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Spring Board Meeting 2013

Olson Reports to Program Advisory Group

Harriett Jane Olson Reports to Spring Board Meeting 2013

By Yvette Moore

Olson: ‘A Fresh Wind Is Blowing in United Methodist Women.’

Winds of the Spirit are blowing through United Methodist Women, bringing opportunities for change, growth and service. So said United Methodist Women chief officer Harriett Jane Olson in her address to the organization’s new program advisory group assembled for their first annual meeting Mar. 7-9 at Scarritt-Bennett Center in Nashville, Tenn.

Ms. Olson emphasized the need for the women’s vision and discernment in her presentation sprinkled with photos and images—blurred and then in focus—and based on John 3:8: “The wind blows where it chooses, and you hear the sound of it, but you do not know where it comes from or where it goes. So it is with everyone who is born of the Spirit.”

“We had snow flurries when we arrived in Nashville a few days ago. Then the wind kicked up, and we had rain. Then the wind kicked up again, and it got cold. Every time the weather changed this week, we had the winds. It was a sign … of change,” Ms. Olson said. “The wind of the Spirit moving in the churches. We’re beginning to notice.”

Pointing to house churches, innovative music ministries and young mission personnel, Ms. Olson said, “A new generation of people are putting down roots in the Gospel. People are looking for chances to connect to God.” The United Methodist Women national directors from the prior quadrennium developed the organization’s new more inclusive and flexible structure—including creation of the program advisory group, which includes representatives from each conference United Methodist Women as well as six of our boards and agencies, deaconess/home missioners, world federation—but there’s more to be done. Program advisory group members must be open to discern more new directions for United Methodist Women, she said.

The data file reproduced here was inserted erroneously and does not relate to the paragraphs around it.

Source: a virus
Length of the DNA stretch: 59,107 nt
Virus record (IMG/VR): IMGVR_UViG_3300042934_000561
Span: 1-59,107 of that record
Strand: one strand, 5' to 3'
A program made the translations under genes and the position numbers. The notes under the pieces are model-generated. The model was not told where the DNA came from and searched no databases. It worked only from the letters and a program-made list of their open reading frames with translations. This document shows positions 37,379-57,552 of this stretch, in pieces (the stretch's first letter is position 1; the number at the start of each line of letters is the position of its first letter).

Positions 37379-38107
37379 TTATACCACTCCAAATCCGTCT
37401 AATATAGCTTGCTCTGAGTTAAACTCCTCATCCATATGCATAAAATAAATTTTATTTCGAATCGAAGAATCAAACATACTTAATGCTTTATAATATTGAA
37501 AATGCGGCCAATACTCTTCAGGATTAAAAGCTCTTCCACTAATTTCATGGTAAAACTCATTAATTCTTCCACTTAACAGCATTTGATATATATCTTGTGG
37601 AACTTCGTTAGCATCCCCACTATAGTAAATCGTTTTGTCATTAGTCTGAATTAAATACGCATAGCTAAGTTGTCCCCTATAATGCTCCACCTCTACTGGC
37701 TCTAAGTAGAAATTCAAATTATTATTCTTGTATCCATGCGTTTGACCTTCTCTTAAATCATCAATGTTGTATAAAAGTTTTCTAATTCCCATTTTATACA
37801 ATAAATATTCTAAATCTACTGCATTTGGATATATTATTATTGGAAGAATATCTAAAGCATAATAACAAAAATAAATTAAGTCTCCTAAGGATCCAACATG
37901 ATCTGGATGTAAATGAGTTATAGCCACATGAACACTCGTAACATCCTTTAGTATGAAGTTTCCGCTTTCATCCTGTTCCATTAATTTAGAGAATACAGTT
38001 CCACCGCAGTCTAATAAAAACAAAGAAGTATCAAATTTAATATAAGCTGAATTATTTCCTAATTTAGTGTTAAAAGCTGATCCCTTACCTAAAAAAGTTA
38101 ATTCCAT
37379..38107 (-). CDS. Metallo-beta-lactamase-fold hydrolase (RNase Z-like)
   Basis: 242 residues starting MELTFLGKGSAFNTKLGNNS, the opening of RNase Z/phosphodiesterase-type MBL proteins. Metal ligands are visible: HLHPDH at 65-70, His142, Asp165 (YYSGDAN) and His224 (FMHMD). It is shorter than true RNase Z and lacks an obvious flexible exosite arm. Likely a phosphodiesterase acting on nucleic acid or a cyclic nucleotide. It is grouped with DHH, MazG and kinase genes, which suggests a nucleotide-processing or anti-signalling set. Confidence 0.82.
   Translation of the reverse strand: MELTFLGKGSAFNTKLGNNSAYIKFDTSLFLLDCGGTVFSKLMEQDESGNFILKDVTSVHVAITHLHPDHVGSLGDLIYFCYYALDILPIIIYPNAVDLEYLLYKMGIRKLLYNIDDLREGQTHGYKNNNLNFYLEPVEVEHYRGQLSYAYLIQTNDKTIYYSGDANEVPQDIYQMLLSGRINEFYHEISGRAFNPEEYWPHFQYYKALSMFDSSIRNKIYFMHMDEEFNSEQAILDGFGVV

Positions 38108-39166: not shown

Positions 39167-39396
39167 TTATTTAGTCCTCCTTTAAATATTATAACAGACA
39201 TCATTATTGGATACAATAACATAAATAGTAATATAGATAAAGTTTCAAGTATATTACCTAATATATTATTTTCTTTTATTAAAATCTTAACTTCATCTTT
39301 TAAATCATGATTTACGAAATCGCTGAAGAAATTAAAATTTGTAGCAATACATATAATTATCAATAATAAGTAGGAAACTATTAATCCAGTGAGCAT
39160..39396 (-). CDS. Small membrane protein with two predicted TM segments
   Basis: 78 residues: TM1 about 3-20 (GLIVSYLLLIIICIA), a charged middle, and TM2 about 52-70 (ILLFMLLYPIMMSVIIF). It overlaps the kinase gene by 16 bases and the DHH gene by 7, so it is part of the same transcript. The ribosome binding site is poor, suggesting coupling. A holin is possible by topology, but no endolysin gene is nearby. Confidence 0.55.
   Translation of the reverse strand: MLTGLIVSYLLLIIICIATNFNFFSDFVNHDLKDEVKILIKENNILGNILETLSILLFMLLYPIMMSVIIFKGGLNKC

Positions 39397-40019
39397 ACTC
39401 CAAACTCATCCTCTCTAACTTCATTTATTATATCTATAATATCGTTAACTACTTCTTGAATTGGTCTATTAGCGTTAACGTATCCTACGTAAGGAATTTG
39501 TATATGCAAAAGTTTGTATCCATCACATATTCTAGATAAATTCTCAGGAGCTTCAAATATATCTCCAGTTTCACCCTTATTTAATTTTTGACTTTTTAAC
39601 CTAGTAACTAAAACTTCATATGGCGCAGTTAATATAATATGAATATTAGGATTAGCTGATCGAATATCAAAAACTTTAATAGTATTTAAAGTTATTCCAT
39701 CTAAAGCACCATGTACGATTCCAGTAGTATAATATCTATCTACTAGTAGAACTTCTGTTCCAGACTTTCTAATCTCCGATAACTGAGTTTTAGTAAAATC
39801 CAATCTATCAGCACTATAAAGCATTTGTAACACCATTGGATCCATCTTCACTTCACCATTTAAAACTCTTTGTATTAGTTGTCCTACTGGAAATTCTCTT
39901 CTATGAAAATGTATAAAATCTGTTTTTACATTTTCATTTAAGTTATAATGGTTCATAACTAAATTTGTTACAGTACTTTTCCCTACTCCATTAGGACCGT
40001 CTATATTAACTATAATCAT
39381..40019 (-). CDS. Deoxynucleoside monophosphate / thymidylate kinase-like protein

“Every generation of United Methodist Women since its start in 1869, on that ‘dark and stormy night’ (we were born in the wind), responded to women’s issues,” she said, referencing the organization’s legendary first meeting in Boston, Mass., that women braved a rainstorm to attend. “Women’s right to vote, full clergy rights for women, civil rights, pubic education, public education for all—these issues did not arrive in some neat, prioritized order. We worked on many of them at same time. And the women of this organization did not always agree on how the issues should be addressed. Like the wind, the Spirit can seem to move in many directions at the same time. That’s one of the reasons we need each other. Like the wind turbine, we have to keep adjusting to where the wind is moving.”

Ms. Olson told program advisory group members their job was to help the organization listen and pay attention so that the organization can “follow the dance of God in the world.”

Ms. Olson’s report was followed by presentations on United Methodist Women’s language ministries, expanded leadership development events, work to end violence against women and advocacy for the U.N. Constitution for the Eradication of Discrimination Against Women. (CEDAW).

Yvette Moore is editor of response, the magazine of United Methodist Women.

Last Updated: 04/06/2014

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